When riding in a group it is very important to know and understand hand signals. Below are animated examples of hand signals recognized by the industry. Hand signals should be passed from the front to the rear of the riding group to ensure the safe movement of the group.
Wind Chill Chart
Depending on the type of group ride and other variables, Charleston H.O.G. may sometimes try to limit the size of a group to 15 bikes for safety reasons. If there are more than 15 bikes and we have chosen to break up into smaller groups, we will line up in two or more columns as indicated in columns A, B, & C in the picture to the right. Column A will depart first. A few minutes later column B will leave and then column C.
If you want to ride with friends, you must all be in the same column. If you are in different columns, you will not ride in the same group.
You should talk to one of the leaders and learn the route and destination of your ride. In the unlikely event that you get separated from the group, all will not be lost and you can catch up or meet the group at the destination.
Low Country Charleston, SC Chapter, will ALWAYS ride in a staggered formation for safety reasons.
The minimum recommended spacing to the bike directly in front of you should not be less than two seconds (the two second rule). The bike in the lane to your left or right should not be less than one second ahead of you. You will find that two seconds is a long distance when riding at highway speeds. That is it’s a long distance when everything is going well. When things go wrong, however, two seconds distance is gone in the time it takes to figure out you are in trouble.
The two second rule is a rule of thumb should try to adhere to this rule when possible, especially at highway speeds. There are times, however when it is best to squeeze together while in city streets & while slowing for a stop. This will help prevent cars from entering the group.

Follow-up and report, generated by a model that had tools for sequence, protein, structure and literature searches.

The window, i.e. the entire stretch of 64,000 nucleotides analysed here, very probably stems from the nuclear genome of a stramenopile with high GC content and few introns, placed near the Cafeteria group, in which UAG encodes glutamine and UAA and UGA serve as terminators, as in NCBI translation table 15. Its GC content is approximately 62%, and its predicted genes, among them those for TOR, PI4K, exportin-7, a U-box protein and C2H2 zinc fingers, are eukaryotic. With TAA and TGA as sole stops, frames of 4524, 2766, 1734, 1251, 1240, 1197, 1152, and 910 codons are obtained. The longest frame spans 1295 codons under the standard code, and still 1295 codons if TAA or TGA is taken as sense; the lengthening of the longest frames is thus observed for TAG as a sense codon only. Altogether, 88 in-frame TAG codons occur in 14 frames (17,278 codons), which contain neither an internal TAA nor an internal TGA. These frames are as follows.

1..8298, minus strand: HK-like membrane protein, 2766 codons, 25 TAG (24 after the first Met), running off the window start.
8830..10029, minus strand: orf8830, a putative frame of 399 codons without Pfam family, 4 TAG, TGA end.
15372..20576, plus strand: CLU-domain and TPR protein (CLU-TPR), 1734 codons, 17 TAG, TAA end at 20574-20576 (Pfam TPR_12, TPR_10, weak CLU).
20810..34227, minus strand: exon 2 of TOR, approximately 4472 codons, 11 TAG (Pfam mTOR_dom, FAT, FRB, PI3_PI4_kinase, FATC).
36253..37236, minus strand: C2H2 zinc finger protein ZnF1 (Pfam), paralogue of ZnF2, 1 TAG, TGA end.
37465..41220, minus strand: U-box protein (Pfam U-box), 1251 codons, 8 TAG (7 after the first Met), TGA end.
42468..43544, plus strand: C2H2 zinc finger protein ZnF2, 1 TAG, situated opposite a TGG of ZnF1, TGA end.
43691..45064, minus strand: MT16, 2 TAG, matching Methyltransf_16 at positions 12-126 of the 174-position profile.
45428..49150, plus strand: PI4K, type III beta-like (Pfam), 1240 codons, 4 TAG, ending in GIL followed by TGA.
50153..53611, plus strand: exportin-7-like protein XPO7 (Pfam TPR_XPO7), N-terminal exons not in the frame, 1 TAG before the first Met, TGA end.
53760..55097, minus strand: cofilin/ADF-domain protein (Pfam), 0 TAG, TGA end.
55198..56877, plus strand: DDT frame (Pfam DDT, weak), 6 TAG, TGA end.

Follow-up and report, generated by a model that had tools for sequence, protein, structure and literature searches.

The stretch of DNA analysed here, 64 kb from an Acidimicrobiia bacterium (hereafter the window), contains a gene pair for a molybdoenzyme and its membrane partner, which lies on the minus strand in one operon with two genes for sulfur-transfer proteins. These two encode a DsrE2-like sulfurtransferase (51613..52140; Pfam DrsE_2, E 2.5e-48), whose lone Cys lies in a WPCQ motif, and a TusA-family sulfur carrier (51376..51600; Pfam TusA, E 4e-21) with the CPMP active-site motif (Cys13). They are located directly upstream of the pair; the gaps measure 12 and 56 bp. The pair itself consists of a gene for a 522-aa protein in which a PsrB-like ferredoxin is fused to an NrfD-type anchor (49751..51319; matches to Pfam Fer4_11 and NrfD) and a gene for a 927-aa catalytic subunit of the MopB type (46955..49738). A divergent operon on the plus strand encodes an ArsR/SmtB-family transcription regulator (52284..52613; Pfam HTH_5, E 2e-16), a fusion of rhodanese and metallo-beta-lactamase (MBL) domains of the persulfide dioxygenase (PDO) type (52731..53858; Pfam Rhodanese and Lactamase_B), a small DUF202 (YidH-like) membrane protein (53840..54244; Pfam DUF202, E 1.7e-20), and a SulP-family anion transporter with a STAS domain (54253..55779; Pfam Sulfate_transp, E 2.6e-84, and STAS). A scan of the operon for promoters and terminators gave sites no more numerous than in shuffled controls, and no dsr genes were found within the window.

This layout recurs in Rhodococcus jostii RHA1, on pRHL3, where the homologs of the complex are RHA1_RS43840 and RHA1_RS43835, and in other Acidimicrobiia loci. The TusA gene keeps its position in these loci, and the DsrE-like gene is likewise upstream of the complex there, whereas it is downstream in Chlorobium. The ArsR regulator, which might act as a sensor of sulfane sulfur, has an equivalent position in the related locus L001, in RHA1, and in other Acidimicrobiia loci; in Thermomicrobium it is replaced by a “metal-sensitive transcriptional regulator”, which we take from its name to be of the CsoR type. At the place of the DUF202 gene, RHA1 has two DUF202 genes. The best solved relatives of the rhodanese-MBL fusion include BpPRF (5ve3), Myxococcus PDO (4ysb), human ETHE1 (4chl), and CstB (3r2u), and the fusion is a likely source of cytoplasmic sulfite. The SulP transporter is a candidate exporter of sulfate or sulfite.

The last bike should ride in the middle of the two bike lanes with all head lights and running lights on. This will help the lead bike see the last bike.
Fast Lane Passing
As a group, it can be difficult to pass a slow moving car on any road with two or more lanes of same-direction traffic. This is especially true with moderate to heavy traffic. Often there is not enough room for the entire group to get between cars in the faster lane.
The way to accomplish this is for the last bike to pull over one lane to the left and hold his position. Each rider should move to the left lane as the cars in front of the rear biker pass them. You can then pass the slow car as a group after the lead rider moves to the left lane.
The lead rider should move back to the right lane after passing the slow car by a safe distance. It is very important that the lead rider maintain speed to make room for all the other riders. Each rider should move back to the right lane one at a time once safely cleared the slow car.
This can be a real slick choreographed move for other motorists to observe.
Two Lane Passing
It is usually very difficult for a group to pass a slow moving car on a two lane road. Generally Charleston H.O.G. will not pass a car on a two lane road, particularly on local rides, unless it is going very slow. If the lead biker decides to pass the car, each biker must decide on his own if it is safe for him or her. DO NOT follow the bike in front of you unless you are certain that it is safe for you too.
IMPORTANT: After passing the car, keep going. You must make room for all the bikes behind you.